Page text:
Tag Archives: beehives

Beekeeping In The Age Of Climate Change

I’m Keeping My Fingers Crossed

Losing all six hives last winter took the wind out of my sails.  I set up three new hives in spring but the weather has been uneven through the whole season.  The cold weather had lasted much longer than usual and the temperature has been seesawing from spring into autumn.  Some days we had 40°F in summer and 70°F in late November.  Heavy rain washed out flowers when there should have been plenty of them around at the time.  All in all our honeybees couldn’t build much honey storage this year.

When I inspected them in September, they barely had a full 8 frames in the super.  My gut told me I had better start feeding them.  I fed them from early September until the end of October when the temperature started to drop.  The total amount of sugar syrup I fed the hives amounted to around 4.4 gallons each.  I hope this helps them through the winter as the last inspection before closing them up showed they have plenty of food stored now.

Fed with sugar syrup, ratio 2:1 (sugar/water), in a 800 ml bottle each time
Covered with 2 inch foam board, leaving only 3/4 inch top and bottom entrance open
Then wrapped with an industrial-grade plastic bag. Fastened the hive with bungie cords.

I closed them up just in time as the temperature dropped down to below 20°F for a couple of nights.  I thought they should be fine for the winter, but the weather wasn’t on my side.  The temperature shot up to above 50°F for many days and one day, even above 70°F .  We’re talking about late November here.  The bees came out every warm day.  They even did their flight orientation.

November 25: warm & the honeybees came out. Some even did flight orientation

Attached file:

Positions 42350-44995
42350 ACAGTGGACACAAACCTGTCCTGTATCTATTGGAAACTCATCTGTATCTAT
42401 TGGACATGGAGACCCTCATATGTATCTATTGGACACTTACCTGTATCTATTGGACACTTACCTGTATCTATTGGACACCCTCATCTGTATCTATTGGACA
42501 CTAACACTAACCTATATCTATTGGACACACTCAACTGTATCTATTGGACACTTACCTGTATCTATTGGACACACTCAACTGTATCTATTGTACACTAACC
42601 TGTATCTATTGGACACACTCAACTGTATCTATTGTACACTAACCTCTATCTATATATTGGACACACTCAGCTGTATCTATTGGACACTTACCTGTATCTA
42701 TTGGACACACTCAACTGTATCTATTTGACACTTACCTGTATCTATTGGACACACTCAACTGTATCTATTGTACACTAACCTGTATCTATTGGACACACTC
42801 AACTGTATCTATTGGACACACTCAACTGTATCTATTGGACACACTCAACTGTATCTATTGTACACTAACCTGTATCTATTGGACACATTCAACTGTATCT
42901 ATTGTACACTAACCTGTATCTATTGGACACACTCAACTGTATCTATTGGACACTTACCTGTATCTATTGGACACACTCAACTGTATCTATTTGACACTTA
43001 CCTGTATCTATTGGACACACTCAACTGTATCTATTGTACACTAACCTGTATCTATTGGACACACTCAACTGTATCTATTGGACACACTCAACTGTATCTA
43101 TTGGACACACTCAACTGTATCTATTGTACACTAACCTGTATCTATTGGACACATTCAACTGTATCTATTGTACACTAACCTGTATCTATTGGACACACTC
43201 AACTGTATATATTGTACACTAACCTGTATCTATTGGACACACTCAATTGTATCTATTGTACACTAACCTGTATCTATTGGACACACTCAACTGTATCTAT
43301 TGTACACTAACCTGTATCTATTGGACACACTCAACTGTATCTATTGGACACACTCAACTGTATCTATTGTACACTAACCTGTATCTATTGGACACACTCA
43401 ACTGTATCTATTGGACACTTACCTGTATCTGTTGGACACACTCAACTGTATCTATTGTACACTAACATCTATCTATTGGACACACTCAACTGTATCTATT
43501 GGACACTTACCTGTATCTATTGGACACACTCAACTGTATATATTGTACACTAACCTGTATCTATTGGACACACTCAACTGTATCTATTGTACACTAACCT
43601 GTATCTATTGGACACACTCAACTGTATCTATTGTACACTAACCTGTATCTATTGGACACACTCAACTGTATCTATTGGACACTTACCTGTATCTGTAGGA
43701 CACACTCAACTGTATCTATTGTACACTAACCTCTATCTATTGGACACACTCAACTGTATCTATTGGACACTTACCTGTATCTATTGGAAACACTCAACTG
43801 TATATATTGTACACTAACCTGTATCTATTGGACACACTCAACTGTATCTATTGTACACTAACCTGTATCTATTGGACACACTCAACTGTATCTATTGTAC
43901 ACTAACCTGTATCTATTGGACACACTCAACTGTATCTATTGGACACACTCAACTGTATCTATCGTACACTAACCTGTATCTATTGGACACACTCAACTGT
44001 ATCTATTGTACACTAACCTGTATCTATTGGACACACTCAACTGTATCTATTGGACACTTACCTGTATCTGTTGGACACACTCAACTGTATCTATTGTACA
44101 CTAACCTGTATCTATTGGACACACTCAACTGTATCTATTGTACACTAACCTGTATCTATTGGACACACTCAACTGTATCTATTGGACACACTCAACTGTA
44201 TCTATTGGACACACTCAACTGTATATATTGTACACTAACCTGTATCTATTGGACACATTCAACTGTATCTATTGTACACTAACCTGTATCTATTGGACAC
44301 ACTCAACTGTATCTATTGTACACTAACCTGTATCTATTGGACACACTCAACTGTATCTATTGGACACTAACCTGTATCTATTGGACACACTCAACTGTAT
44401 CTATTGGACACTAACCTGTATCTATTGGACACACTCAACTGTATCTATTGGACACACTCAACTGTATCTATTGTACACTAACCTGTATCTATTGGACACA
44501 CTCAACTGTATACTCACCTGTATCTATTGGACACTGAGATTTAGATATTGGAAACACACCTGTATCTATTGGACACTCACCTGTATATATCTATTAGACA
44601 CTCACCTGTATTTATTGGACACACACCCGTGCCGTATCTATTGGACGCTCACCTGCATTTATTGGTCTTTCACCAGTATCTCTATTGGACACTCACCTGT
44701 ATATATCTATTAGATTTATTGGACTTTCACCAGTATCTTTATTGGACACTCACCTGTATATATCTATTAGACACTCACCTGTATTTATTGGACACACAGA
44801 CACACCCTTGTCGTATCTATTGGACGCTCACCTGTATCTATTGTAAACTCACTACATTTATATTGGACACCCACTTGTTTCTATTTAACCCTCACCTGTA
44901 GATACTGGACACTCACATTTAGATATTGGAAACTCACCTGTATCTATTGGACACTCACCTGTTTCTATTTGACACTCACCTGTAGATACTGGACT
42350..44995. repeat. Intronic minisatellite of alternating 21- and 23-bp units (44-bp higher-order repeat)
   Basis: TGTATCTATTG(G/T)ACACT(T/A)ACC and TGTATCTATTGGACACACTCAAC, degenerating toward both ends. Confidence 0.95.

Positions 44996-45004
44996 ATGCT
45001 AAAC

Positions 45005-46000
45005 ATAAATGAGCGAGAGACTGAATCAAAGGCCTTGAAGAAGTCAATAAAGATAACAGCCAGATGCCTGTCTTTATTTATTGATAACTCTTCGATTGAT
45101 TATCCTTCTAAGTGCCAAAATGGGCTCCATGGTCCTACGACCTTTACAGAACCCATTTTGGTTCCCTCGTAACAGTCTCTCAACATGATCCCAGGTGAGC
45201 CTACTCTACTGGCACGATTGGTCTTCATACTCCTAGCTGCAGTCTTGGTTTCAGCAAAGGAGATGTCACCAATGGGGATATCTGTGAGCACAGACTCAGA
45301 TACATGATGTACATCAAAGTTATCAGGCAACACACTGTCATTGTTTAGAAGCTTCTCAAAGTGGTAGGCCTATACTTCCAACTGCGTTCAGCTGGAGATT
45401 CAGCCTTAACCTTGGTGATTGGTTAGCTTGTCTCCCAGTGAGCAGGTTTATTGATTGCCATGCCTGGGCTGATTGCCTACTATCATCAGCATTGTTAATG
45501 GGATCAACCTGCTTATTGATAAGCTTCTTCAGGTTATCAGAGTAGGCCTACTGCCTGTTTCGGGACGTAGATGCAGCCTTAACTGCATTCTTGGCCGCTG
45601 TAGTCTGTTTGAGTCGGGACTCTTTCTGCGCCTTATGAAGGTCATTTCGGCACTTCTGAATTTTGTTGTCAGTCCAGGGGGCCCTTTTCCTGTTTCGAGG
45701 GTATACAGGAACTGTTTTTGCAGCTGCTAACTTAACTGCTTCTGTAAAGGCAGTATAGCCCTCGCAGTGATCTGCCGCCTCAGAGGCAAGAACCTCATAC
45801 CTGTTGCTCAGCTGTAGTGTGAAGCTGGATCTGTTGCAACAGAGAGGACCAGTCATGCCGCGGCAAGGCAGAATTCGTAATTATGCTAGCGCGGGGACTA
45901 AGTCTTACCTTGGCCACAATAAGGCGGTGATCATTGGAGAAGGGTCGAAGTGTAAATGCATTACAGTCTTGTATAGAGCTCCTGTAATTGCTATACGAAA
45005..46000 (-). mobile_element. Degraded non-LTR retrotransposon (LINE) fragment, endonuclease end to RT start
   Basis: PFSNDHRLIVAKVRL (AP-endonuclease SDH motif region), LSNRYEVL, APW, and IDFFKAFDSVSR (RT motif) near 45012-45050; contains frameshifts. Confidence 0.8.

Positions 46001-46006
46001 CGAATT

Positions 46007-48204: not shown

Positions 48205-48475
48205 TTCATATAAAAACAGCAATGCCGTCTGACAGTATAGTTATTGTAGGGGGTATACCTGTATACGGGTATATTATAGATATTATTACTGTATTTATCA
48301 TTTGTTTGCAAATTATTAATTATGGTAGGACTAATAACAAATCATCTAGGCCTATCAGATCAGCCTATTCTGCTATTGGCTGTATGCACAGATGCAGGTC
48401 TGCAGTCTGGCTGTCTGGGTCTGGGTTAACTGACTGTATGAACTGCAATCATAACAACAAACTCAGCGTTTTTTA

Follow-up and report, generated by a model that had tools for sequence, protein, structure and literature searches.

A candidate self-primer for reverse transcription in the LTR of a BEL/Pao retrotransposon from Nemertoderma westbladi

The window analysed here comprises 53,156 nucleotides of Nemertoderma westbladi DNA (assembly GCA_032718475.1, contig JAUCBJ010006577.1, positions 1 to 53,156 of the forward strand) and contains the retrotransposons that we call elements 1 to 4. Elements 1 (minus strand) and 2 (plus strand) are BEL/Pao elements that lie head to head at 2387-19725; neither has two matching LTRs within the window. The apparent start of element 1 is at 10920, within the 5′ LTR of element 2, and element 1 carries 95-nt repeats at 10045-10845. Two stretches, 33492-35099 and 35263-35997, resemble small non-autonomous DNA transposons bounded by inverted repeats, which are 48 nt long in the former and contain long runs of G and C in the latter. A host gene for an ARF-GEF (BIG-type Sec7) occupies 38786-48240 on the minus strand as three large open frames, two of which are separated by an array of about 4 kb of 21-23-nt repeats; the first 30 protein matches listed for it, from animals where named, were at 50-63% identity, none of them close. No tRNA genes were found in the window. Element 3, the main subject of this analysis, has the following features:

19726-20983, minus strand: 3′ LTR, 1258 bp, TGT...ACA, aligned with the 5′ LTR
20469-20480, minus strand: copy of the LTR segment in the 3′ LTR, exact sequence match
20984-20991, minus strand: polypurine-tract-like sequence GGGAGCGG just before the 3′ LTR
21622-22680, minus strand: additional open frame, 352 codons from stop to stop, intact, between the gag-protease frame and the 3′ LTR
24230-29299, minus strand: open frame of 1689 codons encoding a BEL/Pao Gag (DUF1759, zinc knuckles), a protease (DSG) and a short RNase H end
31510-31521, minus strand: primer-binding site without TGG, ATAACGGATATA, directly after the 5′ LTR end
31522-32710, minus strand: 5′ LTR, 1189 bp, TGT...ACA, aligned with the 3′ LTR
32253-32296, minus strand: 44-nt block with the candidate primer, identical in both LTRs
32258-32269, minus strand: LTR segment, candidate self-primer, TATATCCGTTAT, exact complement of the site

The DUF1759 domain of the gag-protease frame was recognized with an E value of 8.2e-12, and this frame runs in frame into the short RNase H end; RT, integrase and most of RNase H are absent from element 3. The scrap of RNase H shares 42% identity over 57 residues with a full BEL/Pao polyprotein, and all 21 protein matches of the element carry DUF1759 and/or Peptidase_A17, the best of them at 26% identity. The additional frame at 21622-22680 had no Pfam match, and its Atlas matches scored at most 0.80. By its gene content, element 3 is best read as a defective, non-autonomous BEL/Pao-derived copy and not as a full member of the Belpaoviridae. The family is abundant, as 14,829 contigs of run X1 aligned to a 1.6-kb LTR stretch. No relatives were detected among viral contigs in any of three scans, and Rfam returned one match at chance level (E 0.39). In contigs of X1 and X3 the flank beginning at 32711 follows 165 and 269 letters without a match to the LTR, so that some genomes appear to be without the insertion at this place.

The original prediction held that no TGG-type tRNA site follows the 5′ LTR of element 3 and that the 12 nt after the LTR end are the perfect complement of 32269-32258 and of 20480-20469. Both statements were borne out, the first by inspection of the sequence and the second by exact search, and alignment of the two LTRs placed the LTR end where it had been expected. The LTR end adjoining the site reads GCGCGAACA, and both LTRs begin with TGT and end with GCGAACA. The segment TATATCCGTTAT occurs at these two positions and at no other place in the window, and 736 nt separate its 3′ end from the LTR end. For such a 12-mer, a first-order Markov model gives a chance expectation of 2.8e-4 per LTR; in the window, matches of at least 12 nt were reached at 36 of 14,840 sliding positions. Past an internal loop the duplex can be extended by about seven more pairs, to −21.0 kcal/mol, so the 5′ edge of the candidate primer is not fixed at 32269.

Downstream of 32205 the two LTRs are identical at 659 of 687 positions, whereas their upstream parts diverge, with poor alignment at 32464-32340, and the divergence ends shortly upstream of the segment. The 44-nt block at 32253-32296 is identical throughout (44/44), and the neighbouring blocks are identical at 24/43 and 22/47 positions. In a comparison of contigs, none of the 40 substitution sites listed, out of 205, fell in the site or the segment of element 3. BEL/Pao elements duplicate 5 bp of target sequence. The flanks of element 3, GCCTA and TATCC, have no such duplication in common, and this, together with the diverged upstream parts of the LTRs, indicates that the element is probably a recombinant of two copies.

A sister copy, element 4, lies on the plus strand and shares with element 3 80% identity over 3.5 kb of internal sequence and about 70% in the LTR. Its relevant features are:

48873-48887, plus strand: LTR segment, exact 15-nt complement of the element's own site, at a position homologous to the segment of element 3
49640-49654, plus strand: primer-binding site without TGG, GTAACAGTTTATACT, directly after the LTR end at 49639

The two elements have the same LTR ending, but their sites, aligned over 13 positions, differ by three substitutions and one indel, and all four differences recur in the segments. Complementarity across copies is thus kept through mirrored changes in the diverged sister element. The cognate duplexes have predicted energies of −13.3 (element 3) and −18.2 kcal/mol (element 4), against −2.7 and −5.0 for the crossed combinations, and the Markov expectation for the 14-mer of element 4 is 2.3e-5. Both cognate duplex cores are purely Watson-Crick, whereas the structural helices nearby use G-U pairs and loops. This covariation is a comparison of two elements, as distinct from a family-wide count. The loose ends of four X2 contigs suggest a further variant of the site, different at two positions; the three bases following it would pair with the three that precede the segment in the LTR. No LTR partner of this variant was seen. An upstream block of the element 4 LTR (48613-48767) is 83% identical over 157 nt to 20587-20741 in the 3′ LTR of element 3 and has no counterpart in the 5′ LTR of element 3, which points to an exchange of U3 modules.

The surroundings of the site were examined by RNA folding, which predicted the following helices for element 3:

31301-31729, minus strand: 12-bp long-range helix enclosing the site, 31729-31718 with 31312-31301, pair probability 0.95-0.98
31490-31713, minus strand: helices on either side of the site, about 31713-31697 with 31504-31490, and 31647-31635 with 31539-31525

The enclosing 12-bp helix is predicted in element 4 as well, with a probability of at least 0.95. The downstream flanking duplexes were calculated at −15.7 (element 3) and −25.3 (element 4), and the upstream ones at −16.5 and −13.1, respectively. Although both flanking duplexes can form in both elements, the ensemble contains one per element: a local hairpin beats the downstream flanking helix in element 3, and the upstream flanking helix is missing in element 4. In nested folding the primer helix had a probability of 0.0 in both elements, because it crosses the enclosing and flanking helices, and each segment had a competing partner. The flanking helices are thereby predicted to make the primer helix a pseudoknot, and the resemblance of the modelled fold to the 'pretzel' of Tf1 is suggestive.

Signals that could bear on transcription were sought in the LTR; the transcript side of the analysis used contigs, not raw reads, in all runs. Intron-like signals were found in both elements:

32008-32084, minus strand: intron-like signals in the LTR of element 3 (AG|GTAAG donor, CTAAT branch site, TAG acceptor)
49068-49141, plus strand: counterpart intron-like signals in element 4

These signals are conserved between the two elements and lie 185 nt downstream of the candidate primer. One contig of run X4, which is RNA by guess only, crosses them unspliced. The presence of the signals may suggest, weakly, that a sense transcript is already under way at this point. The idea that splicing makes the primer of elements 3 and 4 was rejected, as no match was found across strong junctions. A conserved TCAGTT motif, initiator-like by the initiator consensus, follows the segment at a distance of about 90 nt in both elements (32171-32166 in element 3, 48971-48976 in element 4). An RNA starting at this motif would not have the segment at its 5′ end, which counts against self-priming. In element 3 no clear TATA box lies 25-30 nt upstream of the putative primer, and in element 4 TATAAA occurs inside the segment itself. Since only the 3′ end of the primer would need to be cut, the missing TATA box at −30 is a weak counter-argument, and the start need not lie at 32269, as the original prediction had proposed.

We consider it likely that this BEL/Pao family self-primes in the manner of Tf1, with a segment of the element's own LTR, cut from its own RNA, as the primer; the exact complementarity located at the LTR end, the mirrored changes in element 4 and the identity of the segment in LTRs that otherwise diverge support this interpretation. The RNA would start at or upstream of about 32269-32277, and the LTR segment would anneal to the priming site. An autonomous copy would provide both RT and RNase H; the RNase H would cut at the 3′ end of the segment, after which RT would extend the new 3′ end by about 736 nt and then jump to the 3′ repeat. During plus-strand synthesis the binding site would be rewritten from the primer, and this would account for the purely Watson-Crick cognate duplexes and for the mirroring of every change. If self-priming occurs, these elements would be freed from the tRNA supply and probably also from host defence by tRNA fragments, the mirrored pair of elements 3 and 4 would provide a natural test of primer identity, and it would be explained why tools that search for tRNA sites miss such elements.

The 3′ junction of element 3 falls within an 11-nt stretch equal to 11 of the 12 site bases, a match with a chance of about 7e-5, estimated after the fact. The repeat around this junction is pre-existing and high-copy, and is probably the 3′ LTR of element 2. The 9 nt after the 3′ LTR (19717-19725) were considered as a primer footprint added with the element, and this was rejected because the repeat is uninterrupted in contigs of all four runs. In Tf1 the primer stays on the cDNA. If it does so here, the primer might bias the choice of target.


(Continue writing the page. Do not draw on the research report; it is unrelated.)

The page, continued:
Nothing out there for them to bring back home since frost had killed most of the flowers, so they have to depend on their food supply in the hive.  I cannot feed them again without opening the winter cover and the bottom entrance.  I hope the temperatures stabilize to something more seasonal so they can just ball up in there.  I also hope the winter doesn’t drag on like the last one did.  We have done so much damage to this planet that we are starting to see the effect of our self-inflicted wounds every season.  I’ll do the best I can for the bees in my care and keep my fingers crossed.

End Of The Growing Season

Back to Blogging

I’ve been away from blogging for six months but it’s a busy six months.  Started with erecting a deer fence around the garden, which ate up most of my spring.  It turns out that black, plastic net deer fencing has become an ‘IN’ thing for gardeners who have deer problems this year. It has even made the news.

The first round of fence-plastic from the ground up-can only fend off the deer.  Rabbits and woodchucks immediately chewed big holes through so I added a foot and a half of chicken wire at the bottom.  Then they chewed through right above the wire.  I added more chicken wire up to about waist high.  Bravo!  Finally, we have a deer, rabbit and woodchuck free garden.  No more spraying the plants and we still have plenty of flowers for bees and other pollinators.

Then our honeybees kept swarming.  I split a hive for the first time to prevent one of the hives from swarming.  They swarmed anyway. We managed to capture two out of three swarms.

Some of the hives in our garden
Some of the hives in our garden

On top of all this was catching up on cleaning, pruning, transplanting, feeding and other garden chores, plus a full time job.

I would like to express my sincere apology for being A.W.O.L. from blogging.

At the end of the growing season, I can only say that I am satisfied with the garden this year.  We have plenty of flowers and vegetables and not stumps left over after being chewed off.  Our bees are happy and healthy. We were also able to put up a ‘Pollinator Habitat’ sign.

Pollinator Habitat sign from Xerces Society
Pollinator Habitat sign from Xerces Society

As much as we would like to put up a ‘Wildlife Habitat’ sign, we couldn’t since we’ve fenced off the herbivores.  Not much choice there as they can denude a yard in less than a month.

I intend now, to be a tad more prolific than I have been in the past few months.   …At least until the fence is breached.  Then, it’s battle stations once again.   I love deer, rabbits and chucks, just not in my garden.